4 –THE MERCHANT
Pg 29 – Even in the face of imminent peril
the virtuous never shrink from practicing charity.
Who, then, when safe and happy, should not be charitable?
Once, when the Buddha was still a Bodhisattva, he took birth as the son of a good family. Blessed with boundless energy and great good fortune, he became head of his guild. He acquired a large estate, and by his fairness and integrity in business, earned the deepest respect of all. In addition, his study of various branches of the arts and sciences purified his mind and produced qualities which, together with his noble virtues, brought him honor even from the king.
Devoted to the precept of giving, he constantly endeavored to share his wealth with the people. The mendicants praised his name far and wide, spreading his reputation for charity in all directions; they trusted him entirely, becoming bold enough to tell him their desires freely. For his part, untouched by avarice, he never held back his wealth, either for his own pleasure or to gain influence over others-for he found it impossible to witness any sort of suffering and refuse to help.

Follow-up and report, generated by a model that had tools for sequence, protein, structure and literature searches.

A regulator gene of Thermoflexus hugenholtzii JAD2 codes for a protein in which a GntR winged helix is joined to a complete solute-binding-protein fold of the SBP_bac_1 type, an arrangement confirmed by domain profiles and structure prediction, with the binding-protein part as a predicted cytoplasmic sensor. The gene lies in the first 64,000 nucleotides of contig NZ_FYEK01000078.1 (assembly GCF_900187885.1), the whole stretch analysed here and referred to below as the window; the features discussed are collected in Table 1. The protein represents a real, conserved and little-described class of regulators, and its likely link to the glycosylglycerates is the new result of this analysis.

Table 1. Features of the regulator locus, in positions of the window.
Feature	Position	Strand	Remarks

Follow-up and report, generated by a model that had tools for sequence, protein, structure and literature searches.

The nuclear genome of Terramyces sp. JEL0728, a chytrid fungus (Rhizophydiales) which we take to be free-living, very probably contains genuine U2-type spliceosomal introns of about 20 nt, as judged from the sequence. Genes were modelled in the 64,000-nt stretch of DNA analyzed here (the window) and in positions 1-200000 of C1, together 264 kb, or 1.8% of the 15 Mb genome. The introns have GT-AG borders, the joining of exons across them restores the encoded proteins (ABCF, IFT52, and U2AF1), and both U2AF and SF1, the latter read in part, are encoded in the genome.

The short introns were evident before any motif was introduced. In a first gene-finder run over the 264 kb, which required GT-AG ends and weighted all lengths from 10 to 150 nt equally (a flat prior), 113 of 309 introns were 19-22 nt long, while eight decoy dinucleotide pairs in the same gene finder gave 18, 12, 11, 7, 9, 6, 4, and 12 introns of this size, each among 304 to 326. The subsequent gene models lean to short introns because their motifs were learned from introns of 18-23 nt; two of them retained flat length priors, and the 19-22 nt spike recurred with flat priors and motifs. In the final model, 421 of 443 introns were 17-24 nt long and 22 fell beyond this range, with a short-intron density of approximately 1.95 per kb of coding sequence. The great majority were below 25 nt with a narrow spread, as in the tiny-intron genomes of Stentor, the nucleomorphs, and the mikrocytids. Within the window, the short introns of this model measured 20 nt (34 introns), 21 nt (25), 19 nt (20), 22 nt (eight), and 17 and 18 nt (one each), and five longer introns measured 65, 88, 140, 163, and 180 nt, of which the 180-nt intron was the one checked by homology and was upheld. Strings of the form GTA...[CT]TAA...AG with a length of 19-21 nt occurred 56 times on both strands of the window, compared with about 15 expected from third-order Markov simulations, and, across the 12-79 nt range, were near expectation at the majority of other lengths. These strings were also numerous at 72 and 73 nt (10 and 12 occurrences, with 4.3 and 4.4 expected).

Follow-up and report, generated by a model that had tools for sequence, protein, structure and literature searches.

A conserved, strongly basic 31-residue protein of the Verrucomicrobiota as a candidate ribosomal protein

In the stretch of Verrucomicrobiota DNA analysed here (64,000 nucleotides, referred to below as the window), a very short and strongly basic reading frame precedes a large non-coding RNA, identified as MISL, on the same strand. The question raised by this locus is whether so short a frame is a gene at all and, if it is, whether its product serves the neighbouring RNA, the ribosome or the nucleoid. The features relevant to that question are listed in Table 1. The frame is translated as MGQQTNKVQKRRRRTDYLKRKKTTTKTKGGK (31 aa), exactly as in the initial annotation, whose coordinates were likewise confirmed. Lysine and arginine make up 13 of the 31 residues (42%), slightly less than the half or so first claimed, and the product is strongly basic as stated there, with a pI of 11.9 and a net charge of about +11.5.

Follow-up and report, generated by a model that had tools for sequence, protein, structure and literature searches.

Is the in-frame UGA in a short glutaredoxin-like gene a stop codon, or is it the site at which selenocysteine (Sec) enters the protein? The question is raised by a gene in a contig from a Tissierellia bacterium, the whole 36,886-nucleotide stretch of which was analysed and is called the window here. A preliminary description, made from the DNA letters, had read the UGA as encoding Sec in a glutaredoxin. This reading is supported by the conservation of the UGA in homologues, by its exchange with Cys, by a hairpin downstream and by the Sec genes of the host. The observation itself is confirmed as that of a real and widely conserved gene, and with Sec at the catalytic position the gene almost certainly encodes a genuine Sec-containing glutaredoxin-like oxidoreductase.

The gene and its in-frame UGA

One day a mendicant, a Pratyekabuddha in whom the fire of knowledge had burned away all fettering passions, approached the Bodhisattva’s dwelling. –
Pg – 30 Now this beggar’s sole desire was to increase the merit of the Bodhisattva, and to that end he had appeared in the gateway at meal time, just as the Great Being, having bathed and anointed himself, was about to sit down to a feast. Many and various dishes had been prepared by the finest of cooks, dishes pleasing in their color, smell, taste, texture, and so on. In the quiet of the evening, the monk stood outside the house without apprehension or agitation, looking firmly and quietly a small distance before him, his lotus-like hands holding a wooden alms bowl. Continue reading